Memphis Airbnb hosts touched, but optimistic for the future – Memphis Local, Sports, Business & Food News

As COVID-19 keeps leisure travel on hold, South Central Airbnb hosts are collectively losing tens of thousands of dollars in additional income per month.

When tourism came to a screeching halt last month, the nation’s largest shared apartment rental platform abruptly announced that it was providing full refunds to all customers with check-in dates between March 14. and May 31.

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“On March 11, when the World Health Organization declared a pandemic, we were faced with a dilemma. If we allowed customers to cancel and receive a refund, we knew it could have a significant impact on your livelihood, ”Airbnb co-founder and CEO Brian Chesky wrote in a statement. March 30 email to hosts. “But, we couldn’t make the guests and hosts feel compelled to put themselves in dangerous situations and create an additional risk to public health. “

Chesky then apologized to the hosts for not warning them of the new policy, a significant change from the usual guidelines that allow them to set their own cancellation terms and fees.

The surprise announcement was just one of many jolts in what is turning out to be a turbulent year for Airbnb.

According to an April 8 Wall Street Journal report, insiders say the company – which, for now, plans to go public later this year – is expected to lose $ 1 billion by the end of June. Its valuation on the private secondary market fell from $ 150 per share last month to less than $ 90 per share.

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Company executives, however, remain optimistic and continue to assure hosts that “travel will recover,” perhaps to their advantage, as coronavirus travelers may prefer smaller, more private places rather than hotels. overcrowded hotels.

Industry professionals share this optimism.

On April 7, New York developer Kenny Lipschutz filed a $ 2.4 million building permit for his $ 4.8 million South Main Airbnb project at 400 S. Main St. in Memphis, which will include 18 Airbnb rental units and three retail spaces.

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Meanwhile, over 1,000 existing Airbnb properties are now mostly vacant, as some owners suffer financial losses of up to $ 6,000 per month.

This is in stark contrast to the scene last June, when business was booming and CBRE reported that Airbnb’s supply in Memphis had increased by 31.4% and total revenue increased by 39. , 2% in the previous 12 months.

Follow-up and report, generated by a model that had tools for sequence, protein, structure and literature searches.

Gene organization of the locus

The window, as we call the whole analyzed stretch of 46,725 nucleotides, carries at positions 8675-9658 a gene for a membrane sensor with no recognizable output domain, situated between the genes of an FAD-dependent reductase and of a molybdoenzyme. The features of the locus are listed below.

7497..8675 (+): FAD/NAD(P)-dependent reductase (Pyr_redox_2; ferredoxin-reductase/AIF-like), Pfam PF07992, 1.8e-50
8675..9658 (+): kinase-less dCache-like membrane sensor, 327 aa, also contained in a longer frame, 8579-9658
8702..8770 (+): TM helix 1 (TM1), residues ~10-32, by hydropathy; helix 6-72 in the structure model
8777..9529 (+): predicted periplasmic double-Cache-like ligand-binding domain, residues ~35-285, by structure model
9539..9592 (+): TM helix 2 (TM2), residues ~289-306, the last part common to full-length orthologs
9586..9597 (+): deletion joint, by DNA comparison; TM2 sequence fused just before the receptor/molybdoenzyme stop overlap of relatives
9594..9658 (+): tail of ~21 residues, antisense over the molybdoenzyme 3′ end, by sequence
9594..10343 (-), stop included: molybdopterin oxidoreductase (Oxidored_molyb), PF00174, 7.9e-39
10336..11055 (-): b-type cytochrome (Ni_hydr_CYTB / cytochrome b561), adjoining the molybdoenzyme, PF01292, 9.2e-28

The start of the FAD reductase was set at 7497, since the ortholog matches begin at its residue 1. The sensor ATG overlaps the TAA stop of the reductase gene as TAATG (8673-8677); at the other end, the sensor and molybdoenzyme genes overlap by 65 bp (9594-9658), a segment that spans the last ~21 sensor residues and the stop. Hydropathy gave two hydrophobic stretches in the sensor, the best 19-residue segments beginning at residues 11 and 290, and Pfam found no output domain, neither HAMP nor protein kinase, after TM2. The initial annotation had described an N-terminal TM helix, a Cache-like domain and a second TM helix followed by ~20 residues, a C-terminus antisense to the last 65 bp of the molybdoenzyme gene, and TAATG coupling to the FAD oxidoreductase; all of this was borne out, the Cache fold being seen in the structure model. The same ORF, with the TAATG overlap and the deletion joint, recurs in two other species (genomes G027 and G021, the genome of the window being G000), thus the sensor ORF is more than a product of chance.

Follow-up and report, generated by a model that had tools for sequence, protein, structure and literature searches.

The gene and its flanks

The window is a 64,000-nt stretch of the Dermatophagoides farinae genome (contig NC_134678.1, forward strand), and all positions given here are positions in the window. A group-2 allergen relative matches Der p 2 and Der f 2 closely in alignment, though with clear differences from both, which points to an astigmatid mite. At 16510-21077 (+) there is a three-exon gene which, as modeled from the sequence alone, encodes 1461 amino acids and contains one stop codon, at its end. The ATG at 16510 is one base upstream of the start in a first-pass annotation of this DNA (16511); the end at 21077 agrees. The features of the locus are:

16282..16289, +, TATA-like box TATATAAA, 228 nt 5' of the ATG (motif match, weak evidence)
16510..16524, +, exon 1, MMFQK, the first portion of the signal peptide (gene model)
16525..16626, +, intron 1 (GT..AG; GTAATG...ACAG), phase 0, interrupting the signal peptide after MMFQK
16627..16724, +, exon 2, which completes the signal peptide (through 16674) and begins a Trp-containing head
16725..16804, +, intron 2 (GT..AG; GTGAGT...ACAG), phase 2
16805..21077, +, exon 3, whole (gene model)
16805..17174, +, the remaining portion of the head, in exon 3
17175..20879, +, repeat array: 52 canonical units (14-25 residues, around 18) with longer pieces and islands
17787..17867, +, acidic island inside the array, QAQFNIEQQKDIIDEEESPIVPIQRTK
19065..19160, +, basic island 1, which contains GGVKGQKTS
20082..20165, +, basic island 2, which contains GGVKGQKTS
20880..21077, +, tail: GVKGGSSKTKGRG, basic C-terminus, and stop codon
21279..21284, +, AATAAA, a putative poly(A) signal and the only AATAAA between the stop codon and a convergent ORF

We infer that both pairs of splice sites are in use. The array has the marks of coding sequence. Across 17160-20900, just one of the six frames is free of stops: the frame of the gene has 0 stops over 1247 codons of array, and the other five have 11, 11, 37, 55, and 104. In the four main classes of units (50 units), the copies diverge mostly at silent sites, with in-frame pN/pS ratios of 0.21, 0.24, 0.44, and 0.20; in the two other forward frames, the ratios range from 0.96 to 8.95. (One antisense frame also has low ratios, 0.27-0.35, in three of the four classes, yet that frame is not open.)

“I’m not in pain, but yes, I lost money. For April and May, I lost $ 12,000. June could cost an additional $ 6,000, ”said Jeff Bennett, a realtor at Hobson Realtors who owns Airbnb rental units in two duplexes in Central Gardens. “These two units that are vacant are expected to earn $ 3,000 per month each.”

Bennett said he mainly used his Airbnb income to offset his children’s education expenses.

Currently, he participates in Airbnb’s Frontline Stays program, offering his rentals at a discounted rate to local healthcare professionals who might want to quarantine themselves away from their families. So far, it has had no takers, despite its Facebook posts announcing the reduction.

Downtown, Bridget Mirza’s vacant Airbnb condo is just steps from Beale Street. Right now, she is preparing normally for her most profitable time of the year, Memphis in May.

“In September 2017, I opened my doors and immediately my place was reserved. However, when the coronavirus hit, I went from being completely booked to empty. It’s definitely a financial blow, ”she said. “Every month we were full. For small independent people like me, it’s a wonderful source of income and a great way to meet people from all over the world.

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Wesley Riddle, a small business attorney at the law firm of Wesley J. Riddle, owns an Airbnb bungalow in the historic Cooper-Young district, as well as an Airbnb studio-cottage behind it.

Like Bennett and Mirza, he and his wife, Mary, lose monthly reservation income, but they also initially invested around $ 12,000 for renovations, redecorations and other projects to make the units more attractive. In previous years, their properties were typically booked about nine months in advance, especially at sporting events or concerts.

Riddle encourages small business owners – including Airbnb hosts – to apply for the SBA’s new economic disaster loan and expanded COVID-19 unemployment to help offset their losses from COVID-19, though it admits that there is some uncertainty as to their eligibility and the amount they would receive.

Current guidelines don’t make those details very clear, he said.

“We fall into a strange category – we’re not really property owners, it’s a lot more like small hotels. Airbnbs, for example, are struggling to get underwritten by banks because they don’t meet federal underwriting guidelines, ”he said. “I have told all of my clients to just ‘apply, apply, apply’. The worst thing that can happen is they say, “No. “

Bennett said he also applied for the loan. And he shares the optimism of those who believe Airbnb will eventually make a comeback.

“I think Airbnb is going to be there for a long time,” he said. “It’s a great way to learn about the communities you travel to. It’s a great way to stay in a wonderful area like Central Gardens, or if I’m traveling to Seattle I can stay somewhere in a cool neighborhood and do the things the locals do. I love it, people love it, and when I do it will be fine.

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